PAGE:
Economy Watch: Consumer Sentiment Unexpectedly Peppy
The University of Michigan reported on Friday that its consumer sentiment index for July came in at 85.1, an improvement from June’s final reading of 84.1, and also up from the mid-July reading of 83.9.
By Dees Stribling, Contributing Editor
The University of Michigan reported on Friday that its consumer sentiment index for July came in at 85.1, an improvement from June’s final reading of 84.1, and also up from the mid-July reading of 83.9. In fact, the end-of-July reading is the highest the index has been since July 2007, when the recession was still just a distant rumble on the horizon.
The increase was unexpected. Though sentiment has more-or-less on an upward track since the worst of the recession ended—and especially since the housing market started to recover—there’s also been a lot of backsliding. The most pronouncing bump in the road was during the summer of 2011, when a default by the United States, while perhaps never a real possibility, was nevertheless being suggested by less responsible members of Congress.
Over the decades, the sentiment index has been fairly consistent in tracking the economic health of the country. The recessions of the late 1970s and early ’80s saw steep drops, with a recovery during the later ’80s Reagan-era prosperity. There was a sharp downturn in the early ’90s followed by much higher sentiment during the Clinton-era prosperity. The mid-2000s were a bit lower than mid- to late 1980s, and of course sentiment took a hit in 2008 that it hasn’t recovered from yet.
Serious mortgage delinquencies down
Freddie Mac reported that the single-family “serious” delinquency rate—which the GSE defines as mortgages more than three months past due, or already in foreclosure—dropped in June to 2.79 percent compared with 2.85 percent in May. A year ago, Freddie Mac serious delinquency rate was 3.45 percent.
The June 2013 rate is now at its lowest level since May 2009, when the rate was headed skyward, toward a recent peak in February 2010 at 4.2 percent. The rate has been dropping more-or-less steadily since then, though a “normal” rate is considered around 1 percent, so serious delinquencies are still elevated in historical terms.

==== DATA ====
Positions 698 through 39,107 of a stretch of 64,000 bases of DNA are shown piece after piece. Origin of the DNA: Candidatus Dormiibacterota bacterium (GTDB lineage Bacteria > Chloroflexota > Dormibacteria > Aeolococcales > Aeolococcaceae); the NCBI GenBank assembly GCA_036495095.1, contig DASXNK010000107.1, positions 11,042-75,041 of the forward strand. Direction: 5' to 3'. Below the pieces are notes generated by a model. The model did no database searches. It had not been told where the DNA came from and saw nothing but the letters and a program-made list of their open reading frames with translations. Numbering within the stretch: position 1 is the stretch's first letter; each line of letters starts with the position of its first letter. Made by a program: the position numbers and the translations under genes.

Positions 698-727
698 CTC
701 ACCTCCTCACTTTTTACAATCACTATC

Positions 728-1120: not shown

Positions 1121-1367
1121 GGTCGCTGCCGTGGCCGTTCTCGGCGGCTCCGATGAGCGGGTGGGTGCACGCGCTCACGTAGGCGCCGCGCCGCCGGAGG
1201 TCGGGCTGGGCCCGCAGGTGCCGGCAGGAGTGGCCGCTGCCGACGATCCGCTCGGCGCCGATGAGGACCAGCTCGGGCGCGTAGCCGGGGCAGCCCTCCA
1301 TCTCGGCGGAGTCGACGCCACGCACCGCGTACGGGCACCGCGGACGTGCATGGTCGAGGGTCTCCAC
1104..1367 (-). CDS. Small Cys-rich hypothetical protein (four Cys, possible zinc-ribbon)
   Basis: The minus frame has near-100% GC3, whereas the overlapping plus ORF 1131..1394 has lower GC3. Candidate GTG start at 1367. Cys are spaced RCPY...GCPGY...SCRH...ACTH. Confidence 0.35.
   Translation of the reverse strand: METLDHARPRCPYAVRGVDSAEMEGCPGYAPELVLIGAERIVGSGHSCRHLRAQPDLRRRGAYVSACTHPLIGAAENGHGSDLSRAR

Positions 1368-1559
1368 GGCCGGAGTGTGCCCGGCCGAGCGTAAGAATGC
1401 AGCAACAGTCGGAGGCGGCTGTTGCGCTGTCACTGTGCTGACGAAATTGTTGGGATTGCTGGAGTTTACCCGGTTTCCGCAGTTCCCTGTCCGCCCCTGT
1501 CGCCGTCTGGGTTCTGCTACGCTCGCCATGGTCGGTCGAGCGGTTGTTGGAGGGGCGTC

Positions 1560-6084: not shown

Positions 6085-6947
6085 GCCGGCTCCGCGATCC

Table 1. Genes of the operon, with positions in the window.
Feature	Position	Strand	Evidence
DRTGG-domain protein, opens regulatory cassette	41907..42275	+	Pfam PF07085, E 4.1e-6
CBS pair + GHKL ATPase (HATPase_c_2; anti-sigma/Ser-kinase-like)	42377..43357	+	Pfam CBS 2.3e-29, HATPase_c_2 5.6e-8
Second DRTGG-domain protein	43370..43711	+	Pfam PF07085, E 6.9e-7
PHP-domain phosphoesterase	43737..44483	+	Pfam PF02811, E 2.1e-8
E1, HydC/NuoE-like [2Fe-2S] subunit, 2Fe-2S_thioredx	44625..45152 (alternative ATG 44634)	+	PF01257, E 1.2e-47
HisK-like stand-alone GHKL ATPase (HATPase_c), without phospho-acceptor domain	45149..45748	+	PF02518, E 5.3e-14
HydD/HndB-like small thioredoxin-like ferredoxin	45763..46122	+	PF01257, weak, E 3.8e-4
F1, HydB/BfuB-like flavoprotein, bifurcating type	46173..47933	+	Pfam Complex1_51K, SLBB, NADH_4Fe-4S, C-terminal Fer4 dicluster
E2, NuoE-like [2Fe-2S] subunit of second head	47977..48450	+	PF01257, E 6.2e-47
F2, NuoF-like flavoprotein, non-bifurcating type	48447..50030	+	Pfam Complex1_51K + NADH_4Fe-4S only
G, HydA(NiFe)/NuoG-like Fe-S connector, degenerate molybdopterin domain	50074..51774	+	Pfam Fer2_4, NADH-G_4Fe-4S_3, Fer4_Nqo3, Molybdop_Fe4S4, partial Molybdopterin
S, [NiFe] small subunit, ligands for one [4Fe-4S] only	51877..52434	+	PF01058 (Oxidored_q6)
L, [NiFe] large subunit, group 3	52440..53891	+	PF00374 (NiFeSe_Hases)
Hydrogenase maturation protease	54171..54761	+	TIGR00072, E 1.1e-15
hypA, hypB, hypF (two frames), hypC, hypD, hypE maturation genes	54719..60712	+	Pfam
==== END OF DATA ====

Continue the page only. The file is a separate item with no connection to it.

The Freddie Mac report in contrast to LPS, which reported an uptick in delinquencies earlier in the week, but the measurements aren’t the same. The GSE report only covers 90 days-plus delinquencies, while LPS bases its report on all mortgages over 30 days late. Also, seasonal factors are thought to have helped drive up the LPS numbers in June.
President mum on new federal chairman pick
In his interview with the New York Times on Saturday, President Obama told the paper than he’s narrowed the list of candidates to replace Fed Chairman Ben Bernanke down to some “extraordinary candidates,” but didn’t specify anyone, or a timetable beyond “in the next few months.” Bernanke’s term as chairman ends in January, and it’s widely believed, though impossible to confirm, that Fed vice chairman Janet Yellen and former White House economic adviser and Treasury Secretary Lawrence Summers are on the top of the short list.
Wall Street had a mild up day on Friday, with the Dow Jones Industrial Average gaining 3.22 points, or 0.02 percent. The S&P 500 was up 0.08 percent and the Nasdaq advanced 0.22 percent.